Monday, April 5, 2010

Whither the Future of Journalism?

One of the subjects that come up frequently in discussions about the role of blogs is, “Are bloggers journalists?” Clay Shirky,author of "Here Comes Everybody" explains it through some insightful observations which I’m paraphrasing here (really, you gotta read this book!)…

A profession exists to solve a hard problem, one that requires some sort of specialization. They exist because there is a scarce resource that requires ongoing management. The scarcity of the resource itself creates the need for a professional class. “The old dictum that freedom of the press exists only for those who own a press points to the significance of the change. To speak online is to publish, and to publish online is to connect with others. With the arrival of globally accessible publishing, freedom of speech is now freedom of the press, and freedom of the press is freedom of assembly.” And THAT explains why the Chinese government is so paranoid about Google.

For journalists, the resource (access to the means of distributing information, news, opinion) is no longer scarce, so we’re seeing the mass amateurization of the profession. And to make matters worse, when the resource was limited, an editor’s role was necessary to determine “Why publish this?” Now, the question isn’t why, it has become “Why not?” So where previously, scarcity of the means of distribution meant journalism’s function was to filter information BEFORE publication. Now filtering comes AFTER publication (think Search, Google Alerts, RSS feeds).

Another way Professor Shirky phrases it is, “If everyone can do something, it is no longer rare enough to pay for, even if it is vital.” And that’s the conundrum journalism…and many other professions created from the old constraints face.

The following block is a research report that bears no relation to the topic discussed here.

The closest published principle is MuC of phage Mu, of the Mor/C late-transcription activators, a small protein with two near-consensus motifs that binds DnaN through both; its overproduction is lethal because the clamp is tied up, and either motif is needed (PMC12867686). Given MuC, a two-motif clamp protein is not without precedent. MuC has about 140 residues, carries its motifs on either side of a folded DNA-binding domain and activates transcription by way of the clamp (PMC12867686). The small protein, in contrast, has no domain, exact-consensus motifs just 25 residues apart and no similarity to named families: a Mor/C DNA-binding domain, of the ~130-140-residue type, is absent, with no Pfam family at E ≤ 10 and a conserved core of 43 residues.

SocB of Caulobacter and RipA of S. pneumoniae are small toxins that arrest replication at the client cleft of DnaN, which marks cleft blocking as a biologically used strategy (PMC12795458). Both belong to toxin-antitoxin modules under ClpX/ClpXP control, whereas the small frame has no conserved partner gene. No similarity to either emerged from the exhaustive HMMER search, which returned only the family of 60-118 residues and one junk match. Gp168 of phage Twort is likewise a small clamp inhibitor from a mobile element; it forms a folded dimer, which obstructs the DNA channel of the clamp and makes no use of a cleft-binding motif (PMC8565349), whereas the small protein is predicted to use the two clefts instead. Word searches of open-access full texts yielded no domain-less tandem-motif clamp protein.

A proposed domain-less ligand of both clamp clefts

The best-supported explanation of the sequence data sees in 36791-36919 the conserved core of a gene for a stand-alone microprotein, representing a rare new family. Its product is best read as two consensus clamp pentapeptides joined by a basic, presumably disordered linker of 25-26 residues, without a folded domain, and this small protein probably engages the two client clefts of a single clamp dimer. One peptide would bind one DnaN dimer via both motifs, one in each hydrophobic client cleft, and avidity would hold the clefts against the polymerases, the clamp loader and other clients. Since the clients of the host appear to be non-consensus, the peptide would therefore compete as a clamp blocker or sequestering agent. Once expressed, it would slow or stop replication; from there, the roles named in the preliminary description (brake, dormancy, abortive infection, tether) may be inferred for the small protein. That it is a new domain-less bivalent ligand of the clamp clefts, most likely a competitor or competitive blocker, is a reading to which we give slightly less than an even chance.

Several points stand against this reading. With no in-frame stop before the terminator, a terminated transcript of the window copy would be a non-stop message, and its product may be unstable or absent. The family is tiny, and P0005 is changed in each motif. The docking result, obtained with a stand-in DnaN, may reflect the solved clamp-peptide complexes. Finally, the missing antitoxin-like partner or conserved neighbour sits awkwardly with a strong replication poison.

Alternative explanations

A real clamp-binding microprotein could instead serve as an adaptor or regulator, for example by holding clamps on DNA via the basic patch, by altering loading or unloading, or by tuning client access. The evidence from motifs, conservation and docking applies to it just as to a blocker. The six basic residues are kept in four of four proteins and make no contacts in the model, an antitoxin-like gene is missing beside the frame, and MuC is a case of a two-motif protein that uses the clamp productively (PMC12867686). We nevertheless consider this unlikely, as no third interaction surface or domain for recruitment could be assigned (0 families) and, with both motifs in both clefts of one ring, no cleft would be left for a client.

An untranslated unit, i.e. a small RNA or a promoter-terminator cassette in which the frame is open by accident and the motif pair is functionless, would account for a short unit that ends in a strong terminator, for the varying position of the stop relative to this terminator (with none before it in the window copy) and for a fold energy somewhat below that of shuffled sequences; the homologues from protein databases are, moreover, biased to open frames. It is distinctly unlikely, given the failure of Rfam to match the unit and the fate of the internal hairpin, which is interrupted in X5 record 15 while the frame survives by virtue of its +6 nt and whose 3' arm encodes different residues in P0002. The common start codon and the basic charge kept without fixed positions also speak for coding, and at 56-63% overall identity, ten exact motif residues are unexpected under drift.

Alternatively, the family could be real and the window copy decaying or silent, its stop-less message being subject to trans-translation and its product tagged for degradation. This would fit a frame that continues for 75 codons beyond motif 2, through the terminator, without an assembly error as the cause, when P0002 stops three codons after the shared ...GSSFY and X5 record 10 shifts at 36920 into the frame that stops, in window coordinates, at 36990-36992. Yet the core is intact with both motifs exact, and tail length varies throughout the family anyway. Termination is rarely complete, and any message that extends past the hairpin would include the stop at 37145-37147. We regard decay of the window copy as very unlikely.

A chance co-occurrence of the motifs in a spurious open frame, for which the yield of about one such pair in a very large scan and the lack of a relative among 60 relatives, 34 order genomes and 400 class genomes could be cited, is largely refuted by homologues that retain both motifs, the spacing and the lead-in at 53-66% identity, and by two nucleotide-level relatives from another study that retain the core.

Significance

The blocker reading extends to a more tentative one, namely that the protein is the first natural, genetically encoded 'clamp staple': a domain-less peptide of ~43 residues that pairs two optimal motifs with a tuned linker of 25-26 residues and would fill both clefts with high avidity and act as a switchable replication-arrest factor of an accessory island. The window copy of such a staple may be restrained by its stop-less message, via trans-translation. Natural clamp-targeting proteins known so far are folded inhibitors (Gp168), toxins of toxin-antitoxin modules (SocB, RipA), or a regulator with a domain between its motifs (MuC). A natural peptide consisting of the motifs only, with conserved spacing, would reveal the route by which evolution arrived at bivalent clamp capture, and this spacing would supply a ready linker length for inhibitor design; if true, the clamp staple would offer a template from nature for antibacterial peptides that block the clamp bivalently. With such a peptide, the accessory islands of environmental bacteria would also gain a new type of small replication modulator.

Translate this to marketing and you can see the difficulty many command and control organizations face: “in the open source world, trying something is often cheaper than making a formal decision about WHETHER to try it.” Yowza! The result, lots of 25 year old entrepreneurs eschewing the plodding slope of corporate advancement for the philosophy of “Just Do It.” Sphere: Related Content


camper said...

Then maybe a solution for journalists is to think of another profession where the shift happened that anyone could do the work so we can see how it turned out and what those people did.... I can't think of any offhand though. You?

Steve Raye said...

A logical thought. Problem is, I can't think of a referential solution either. The internet is relatively new as a career-killer and I'm not aware of any Lazarus-like professions out there...yet.

camper said...

I wonder what all those scribes did after the printing press...

But seriously, I wonder if 'unskilled labor' is an analogy that works. I mean, construction workers who dig ditches make more than writers.

aaron said...

While there is no longer scarcity in overall content, there is a scarcity of reliably true content.

Just because you read it on the internet doesn't make it true. A problem with social media is the unfettered unverifiable nature of so many things.

If enclopedia retailers and researches thought that Wikipedia was the end of organized, authoritative research, they should take note of it only being the beginning of the end. Wikipedia at least has the benefit of other people going back through and updating or removing questionable content.

Take a medium like Twitter, for example, and it's just one person's unfiltered vomit in cyberspace, 160 characters at a time. The most recent example? Someone tweeted that the second Icelandic volcano was erupting, only to correct the tweet a while later saying that the research camera had been pointed the wrong direction.